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Morality in everyday life

Science  12 Sep 2014:
Vol. 345, Issue 6202, pp. 1340-1343
DOI: 10.1126/science.1251560

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Moral homeostasis in real life vs. the lab

Individuals who witnessed a moral deed are more likely than nonwitnesses to perform a moral deed themselves and are also more likely to allow themselves to act immorally. Hofmann et al. asked smartphone users to report their encounters with morality (see the Perspective by Graham). Most moral judgment experiments are lab-based and don't allow for conclusions based on what people experience in their daily lives. This field experiment revealed that people experience moral events frequently in daily life. A respondent's ideology influenced the kind of event reported and the frequency, which is consistent with moral foundations theory.

Science, this issue p. 1340; see also p. 1242

Abstract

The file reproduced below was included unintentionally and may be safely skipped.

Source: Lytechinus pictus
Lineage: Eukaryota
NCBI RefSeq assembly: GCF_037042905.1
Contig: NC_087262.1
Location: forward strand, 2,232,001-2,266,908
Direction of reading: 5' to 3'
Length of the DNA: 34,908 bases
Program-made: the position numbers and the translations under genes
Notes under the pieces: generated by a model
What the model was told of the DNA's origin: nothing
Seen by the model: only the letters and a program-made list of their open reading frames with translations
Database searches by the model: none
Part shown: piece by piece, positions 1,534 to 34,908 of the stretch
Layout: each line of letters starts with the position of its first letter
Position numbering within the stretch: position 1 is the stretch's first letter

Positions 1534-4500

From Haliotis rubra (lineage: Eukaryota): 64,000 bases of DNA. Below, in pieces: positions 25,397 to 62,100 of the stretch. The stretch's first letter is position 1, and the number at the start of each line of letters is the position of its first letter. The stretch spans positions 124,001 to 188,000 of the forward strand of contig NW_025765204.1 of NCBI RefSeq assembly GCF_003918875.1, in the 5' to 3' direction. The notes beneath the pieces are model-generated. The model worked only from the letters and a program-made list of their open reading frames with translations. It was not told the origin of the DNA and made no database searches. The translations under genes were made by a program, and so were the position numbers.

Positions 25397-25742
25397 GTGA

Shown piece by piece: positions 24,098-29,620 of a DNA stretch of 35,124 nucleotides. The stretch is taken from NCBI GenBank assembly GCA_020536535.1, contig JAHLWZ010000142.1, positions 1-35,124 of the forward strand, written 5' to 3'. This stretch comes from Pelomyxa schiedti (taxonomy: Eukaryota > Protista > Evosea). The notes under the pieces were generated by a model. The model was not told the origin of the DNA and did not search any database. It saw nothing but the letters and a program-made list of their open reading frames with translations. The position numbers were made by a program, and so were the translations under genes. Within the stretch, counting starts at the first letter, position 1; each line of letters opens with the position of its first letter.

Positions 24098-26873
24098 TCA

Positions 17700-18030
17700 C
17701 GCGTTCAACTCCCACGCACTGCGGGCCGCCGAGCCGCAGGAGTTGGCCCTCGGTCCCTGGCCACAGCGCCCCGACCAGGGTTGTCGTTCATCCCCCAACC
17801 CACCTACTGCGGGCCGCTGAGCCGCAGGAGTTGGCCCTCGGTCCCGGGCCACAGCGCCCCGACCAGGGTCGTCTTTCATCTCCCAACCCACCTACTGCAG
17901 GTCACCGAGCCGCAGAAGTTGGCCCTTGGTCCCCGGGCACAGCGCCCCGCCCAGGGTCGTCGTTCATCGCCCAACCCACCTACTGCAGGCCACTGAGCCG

The science of morality has drawn heavily on well-controlled but artificial laboratory settings. To study everyday morality, we repeatedly assessed moral or immoral acts and experiences in a large (N = 1252) sample using ecological momentary assessment. Moral experiences were surprisingly frequent and manifold. Liberals and conservatives emphasized somewhat different moral dimensions. Religious and nonreligious participants did not differ in the likelihood or quality of committed moral and immoral acts. Being the target of moral or immoral deeds had the strongest impact on happiness, whereas committing moral or immoral deeds had the strongest impact on sense of purpose. Analyses of daily dynamics revealed evidence for both moral contagion and moral licensing. In sum, morality science may benefit from a closer look at the antecedents, dynamics, and consequences of everyday moral experience.

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